If you are a construction contractor, you have most likely read numerous articles describing the unprecedented impact of COVID-19 on your business. At this writing, Dodge Data & Analytics lists 233 “Virus vs. Construction” stories on its website. So, rather than repeat what you know—since you are living it—let’s instead look at the practical steps you should consider to shore up your business now, and looking forward, to things you can do to get your team ready for Day One of the post-crisis new normal.
JOB ONE: FINANCIALS
No one should underestimate the financial balancing act contractors and subcontractors are now performing and will be performing for the foreseeable future. Capital/cash management now is essential. As you know, it can take 30 to 60 days, or more, from when you issue a requisition to an owner/general contractor to when you get paid. Regardless, your workers need a weekly paycheck. So, to keep cash flowing and payroll paid, at least temporarily, make a concerted effort to get requisitions paid perhaps more quickly than usual. This may be accomplished by offering discounts for early payment.
Simultaneously, have the appropriate person, your chief financial officer, controller or outside accountant, produce cash flow projections at least to June 1, 2020. This will give you a sense of how to manage your cash flow to suppliers and workers to make it last as long as possible. You will have to cut labor costs, so you will need to determine the fairest, least painful way to do that, and one that allows you to ramp up your labor force quickly when the crisis ends.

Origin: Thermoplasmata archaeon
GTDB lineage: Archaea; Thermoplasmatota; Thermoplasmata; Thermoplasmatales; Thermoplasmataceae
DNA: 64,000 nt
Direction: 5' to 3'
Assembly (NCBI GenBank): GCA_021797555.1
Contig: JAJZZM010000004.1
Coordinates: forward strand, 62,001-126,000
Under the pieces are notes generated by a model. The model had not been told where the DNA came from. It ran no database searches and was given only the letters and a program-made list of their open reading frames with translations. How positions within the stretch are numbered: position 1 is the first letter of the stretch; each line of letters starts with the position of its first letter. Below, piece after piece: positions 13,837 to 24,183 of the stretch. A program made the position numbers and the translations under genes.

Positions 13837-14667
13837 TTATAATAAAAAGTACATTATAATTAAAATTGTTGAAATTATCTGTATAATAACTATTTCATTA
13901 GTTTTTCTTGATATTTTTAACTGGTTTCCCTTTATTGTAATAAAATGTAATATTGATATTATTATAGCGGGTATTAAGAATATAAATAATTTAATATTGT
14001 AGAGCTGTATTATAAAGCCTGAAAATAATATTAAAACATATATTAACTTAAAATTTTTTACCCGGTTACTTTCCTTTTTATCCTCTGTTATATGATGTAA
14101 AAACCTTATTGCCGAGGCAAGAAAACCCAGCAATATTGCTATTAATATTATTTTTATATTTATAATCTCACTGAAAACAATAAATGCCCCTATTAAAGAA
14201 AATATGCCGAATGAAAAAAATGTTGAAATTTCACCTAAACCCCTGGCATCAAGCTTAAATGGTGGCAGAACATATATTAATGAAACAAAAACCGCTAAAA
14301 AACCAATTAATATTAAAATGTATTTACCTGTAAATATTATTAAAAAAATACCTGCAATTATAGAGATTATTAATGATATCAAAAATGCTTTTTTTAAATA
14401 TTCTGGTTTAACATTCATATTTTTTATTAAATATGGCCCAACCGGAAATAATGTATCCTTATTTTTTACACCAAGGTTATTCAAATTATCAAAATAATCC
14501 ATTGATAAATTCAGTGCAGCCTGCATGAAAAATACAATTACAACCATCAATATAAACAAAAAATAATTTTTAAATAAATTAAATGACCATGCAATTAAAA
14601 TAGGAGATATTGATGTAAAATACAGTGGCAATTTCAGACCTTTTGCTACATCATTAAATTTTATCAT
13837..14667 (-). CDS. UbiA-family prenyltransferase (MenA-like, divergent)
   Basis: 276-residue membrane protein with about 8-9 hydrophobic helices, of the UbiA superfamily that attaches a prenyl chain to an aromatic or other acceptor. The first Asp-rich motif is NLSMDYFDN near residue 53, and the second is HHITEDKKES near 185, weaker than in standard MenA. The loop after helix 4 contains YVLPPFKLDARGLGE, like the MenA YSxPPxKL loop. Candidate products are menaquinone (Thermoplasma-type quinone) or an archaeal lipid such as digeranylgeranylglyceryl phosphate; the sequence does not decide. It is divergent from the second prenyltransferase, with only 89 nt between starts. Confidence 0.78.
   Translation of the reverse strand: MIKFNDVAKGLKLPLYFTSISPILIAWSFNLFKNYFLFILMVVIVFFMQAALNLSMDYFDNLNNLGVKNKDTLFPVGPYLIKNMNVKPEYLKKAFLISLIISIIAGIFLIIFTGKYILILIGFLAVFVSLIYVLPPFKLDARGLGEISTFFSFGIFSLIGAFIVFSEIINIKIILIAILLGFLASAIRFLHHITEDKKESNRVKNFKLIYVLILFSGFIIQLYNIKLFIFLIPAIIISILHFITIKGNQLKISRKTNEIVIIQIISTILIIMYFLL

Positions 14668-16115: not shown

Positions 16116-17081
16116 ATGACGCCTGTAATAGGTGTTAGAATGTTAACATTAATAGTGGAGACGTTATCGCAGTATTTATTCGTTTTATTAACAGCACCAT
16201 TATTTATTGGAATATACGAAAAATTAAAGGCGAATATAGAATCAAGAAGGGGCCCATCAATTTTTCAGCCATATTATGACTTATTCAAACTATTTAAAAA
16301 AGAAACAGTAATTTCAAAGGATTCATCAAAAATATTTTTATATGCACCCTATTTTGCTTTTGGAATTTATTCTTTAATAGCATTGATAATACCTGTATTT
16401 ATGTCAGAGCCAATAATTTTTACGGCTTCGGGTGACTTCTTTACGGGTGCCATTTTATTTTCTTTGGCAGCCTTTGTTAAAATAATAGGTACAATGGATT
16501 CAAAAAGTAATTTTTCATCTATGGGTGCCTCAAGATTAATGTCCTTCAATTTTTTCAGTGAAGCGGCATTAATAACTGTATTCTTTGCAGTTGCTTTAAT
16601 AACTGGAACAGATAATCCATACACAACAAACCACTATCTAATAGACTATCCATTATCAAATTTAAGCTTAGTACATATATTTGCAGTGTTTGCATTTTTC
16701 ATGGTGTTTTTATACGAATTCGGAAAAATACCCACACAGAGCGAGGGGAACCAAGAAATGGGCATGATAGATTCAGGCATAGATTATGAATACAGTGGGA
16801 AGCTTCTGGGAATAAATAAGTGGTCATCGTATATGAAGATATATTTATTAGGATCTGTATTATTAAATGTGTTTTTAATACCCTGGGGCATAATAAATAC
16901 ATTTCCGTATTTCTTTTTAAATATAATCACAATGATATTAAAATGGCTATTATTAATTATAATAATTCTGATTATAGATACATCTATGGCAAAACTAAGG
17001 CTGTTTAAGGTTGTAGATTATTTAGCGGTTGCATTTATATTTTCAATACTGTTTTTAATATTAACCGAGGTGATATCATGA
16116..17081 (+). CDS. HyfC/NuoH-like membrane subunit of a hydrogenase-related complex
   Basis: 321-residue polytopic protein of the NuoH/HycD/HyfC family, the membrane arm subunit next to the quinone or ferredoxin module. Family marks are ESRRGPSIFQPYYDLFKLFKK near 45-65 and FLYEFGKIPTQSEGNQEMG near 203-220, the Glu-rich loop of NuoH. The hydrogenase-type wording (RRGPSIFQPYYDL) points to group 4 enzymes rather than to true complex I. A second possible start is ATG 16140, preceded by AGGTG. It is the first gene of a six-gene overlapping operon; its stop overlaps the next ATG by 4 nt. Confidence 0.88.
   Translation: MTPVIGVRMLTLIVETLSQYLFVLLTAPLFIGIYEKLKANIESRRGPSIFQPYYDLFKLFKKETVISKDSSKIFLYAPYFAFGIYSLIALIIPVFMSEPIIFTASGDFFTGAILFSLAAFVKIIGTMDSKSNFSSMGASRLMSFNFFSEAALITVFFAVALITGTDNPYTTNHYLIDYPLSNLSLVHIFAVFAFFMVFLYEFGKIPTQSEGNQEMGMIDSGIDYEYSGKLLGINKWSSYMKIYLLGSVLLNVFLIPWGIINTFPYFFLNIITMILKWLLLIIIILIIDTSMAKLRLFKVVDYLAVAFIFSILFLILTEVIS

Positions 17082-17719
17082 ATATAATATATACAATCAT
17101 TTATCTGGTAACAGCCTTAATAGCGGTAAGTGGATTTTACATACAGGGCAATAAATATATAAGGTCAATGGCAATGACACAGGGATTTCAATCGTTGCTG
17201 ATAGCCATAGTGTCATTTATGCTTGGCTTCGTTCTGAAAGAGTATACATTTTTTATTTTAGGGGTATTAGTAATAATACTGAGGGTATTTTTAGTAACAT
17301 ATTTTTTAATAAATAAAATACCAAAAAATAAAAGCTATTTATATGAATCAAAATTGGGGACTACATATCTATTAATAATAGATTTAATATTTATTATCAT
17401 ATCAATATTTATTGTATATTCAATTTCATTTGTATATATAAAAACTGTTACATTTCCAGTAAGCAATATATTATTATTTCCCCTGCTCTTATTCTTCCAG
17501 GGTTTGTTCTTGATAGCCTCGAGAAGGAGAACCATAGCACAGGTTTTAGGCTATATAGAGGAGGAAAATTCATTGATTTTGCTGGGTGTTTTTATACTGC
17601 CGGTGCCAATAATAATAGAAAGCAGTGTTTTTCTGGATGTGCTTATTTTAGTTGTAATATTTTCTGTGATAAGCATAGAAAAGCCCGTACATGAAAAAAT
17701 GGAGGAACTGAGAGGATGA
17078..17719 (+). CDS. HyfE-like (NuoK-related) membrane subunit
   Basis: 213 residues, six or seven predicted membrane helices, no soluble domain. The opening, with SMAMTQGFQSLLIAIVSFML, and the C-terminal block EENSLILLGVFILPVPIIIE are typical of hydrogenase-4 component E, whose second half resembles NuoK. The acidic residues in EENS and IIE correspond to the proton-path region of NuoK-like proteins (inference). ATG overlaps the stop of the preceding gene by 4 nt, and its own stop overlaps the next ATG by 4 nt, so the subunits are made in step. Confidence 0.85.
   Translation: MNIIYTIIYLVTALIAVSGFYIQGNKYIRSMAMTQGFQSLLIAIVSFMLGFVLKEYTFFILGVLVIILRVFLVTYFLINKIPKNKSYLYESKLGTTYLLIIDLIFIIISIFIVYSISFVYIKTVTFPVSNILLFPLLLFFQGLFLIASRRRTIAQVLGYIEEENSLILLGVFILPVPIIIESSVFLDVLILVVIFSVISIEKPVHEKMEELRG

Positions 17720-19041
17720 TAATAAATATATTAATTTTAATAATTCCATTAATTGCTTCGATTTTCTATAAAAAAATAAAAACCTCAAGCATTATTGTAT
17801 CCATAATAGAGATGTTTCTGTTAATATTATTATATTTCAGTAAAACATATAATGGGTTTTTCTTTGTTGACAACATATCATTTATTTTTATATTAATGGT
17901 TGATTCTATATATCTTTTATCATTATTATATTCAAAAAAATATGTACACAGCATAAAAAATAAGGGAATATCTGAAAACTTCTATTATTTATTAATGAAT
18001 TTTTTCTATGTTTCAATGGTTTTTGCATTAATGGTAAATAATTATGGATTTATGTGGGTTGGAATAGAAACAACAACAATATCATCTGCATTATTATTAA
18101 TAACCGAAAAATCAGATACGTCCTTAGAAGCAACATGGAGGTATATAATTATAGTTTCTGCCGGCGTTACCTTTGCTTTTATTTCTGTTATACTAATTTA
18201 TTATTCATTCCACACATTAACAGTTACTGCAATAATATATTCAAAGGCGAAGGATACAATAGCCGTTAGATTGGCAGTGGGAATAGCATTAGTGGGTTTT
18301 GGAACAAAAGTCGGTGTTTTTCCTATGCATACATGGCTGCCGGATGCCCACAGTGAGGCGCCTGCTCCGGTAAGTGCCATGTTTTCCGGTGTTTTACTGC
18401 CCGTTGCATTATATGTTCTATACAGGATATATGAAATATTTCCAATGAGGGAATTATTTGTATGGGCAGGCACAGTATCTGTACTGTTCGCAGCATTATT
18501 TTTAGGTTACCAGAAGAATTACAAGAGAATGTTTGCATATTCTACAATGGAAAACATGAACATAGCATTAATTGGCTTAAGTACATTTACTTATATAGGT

Eventually, after all collectible receivables are paid, no cash will be coming in the door for a period of time. But, before that happens, remembering that your financial institution is truly a “stakeholder” in your business, make certain to keep in regular communication with your bank. Keep your contacts there fully apprised of your situation and review your current terms with them, as well as looking for any flexibility they might offer. In prior difficult financial times, financial institutions have closed or reduced undrawn lines of credits. If you anticipate a cash need over the next several months, it may be best to proactively drawn down any unused lines of credit.
JOB TWO: CLIENTS & CONTRACTS
Communication may count as an overused word, but for contractors, it is essential during this crisis, and that includes communicating with clients, openly and often. In particular, when it comes to contracts: if you have not done so already, immediately review, and consider having your attorney and accountant also review, all client contracts.